The industrialised and developing nations that emit the most greenhouse gases have pledged to work together to develop and deploy 'clean technologies' to tackle climate change.
Meeting this week in London, United Kingdom, energy and environment ministers from the 'G20' group of nations also agreed to work with the World Bank to create incentives for large-scale private investment in such technologies.
By focusing on technological solutions rather than setting measureable targets for reducing greenhouse gas emissions, however, the ministers have dismayed campaigning organisations.
The meeting took place in the run-up to a major UN conference later this month in Montreal, Canada that is expected to focus on how to tackle climate change once the Kyoto Protocol expires in 2012.
The protocol commits signatories from the industrialised world to reduce their greenhouse gas emissions but places no such restrictions on developing nations.
The United States and Australia have not ratified the protocol as they feel this distinction would damage their economies while letting competitors among the major emerging economies — such as Brazil, China and India — continue emitting greenhouse gases.
The developing countries, meanwhile, say it is unfair to expect them to commit to reducing emissions. They argue that this would stunt their development, and that current global warming is due to the industrialised world's past emissions, made when developing countries were emitting low levels of greenhouse gases.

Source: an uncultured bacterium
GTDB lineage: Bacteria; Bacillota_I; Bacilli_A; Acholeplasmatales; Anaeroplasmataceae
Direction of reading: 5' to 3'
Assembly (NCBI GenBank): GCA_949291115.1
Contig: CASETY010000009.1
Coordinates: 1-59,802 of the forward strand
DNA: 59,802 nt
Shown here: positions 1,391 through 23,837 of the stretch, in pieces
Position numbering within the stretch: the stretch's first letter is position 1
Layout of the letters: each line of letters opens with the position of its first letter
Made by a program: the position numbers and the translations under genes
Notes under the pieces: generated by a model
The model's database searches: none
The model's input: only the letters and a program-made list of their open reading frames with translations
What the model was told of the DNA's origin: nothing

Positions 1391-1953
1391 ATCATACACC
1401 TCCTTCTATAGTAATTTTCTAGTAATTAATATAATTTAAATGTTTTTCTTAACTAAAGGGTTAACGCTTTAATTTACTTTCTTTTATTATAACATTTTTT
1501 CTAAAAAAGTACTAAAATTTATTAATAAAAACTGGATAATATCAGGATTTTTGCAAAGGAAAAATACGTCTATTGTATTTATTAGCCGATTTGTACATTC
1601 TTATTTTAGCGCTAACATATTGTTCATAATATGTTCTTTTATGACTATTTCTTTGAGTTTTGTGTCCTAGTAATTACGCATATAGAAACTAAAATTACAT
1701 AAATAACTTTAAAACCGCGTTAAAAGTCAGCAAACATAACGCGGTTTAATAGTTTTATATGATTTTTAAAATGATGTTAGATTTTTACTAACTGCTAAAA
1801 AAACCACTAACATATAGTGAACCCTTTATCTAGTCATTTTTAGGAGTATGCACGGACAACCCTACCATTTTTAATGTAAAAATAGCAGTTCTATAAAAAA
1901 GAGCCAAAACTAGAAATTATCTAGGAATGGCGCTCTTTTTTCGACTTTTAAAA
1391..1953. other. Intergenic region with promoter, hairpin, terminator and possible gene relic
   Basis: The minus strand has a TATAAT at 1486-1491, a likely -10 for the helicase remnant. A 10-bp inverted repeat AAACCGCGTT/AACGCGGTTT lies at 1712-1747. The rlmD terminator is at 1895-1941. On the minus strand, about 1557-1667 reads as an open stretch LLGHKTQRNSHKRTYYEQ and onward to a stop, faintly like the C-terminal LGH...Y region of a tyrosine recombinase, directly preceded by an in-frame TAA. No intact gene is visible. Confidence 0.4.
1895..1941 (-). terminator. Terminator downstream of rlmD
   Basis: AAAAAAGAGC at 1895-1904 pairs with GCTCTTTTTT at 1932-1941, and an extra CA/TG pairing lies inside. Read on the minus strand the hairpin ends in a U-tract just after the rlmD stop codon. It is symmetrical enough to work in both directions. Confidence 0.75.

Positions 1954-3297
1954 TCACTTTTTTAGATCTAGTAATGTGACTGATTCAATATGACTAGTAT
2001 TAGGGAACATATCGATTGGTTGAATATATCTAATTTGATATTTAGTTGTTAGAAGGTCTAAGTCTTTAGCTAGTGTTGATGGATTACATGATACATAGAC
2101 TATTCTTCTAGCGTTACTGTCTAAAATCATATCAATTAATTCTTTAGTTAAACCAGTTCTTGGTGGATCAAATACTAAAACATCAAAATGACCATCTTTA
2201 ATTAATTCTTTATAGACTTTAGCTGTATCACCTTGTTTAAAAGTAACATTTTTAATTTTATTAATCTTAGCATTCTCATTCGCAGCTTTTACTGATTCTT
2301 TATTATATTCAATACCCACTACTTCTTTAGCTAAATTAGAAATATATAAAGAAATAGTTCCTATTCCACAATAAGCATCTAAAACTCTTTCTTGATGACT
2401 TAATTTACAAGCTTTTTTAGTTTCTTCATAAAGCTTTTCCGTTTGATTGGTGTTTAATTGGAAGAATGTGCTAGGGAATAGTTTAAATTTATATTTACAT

"The blunt truth about the politics of climate change is that no country will want to sacrifice its economy in order to meet this challenge," said UK prime minister Tony Blair. "The solutions will come in the end, in part at least, through the private sector developing the technology and science."
Blair was referring to developing renewable energy sources such as wind and solar power, and technologies to capture and store carbon emissions from coal-fired power stations.
The focus on technology instead of targets for reducing emissions has upset environmentalists. Tony Juniper, executive-director of Friends of the Earth said in a statement: "There has been a lot of discussion about the false choice between targets and technologies, but the reality is that without both we cannot achieve either."
The London meeting was planned when G8 leaders agreed in July to include fast growing economies such as India and China in the global discussion on climate change.
Mexico offered to host the next round of talks between the G8 and emerging developing world economies in 2006.
The G20 includes the G8 group of most industrialised nations and developing countries including Brazil, China, India, Indonesia, Mexico, Nigeria and South Africa.
Read more about climate change in Africa in SciDev.Net's news focus.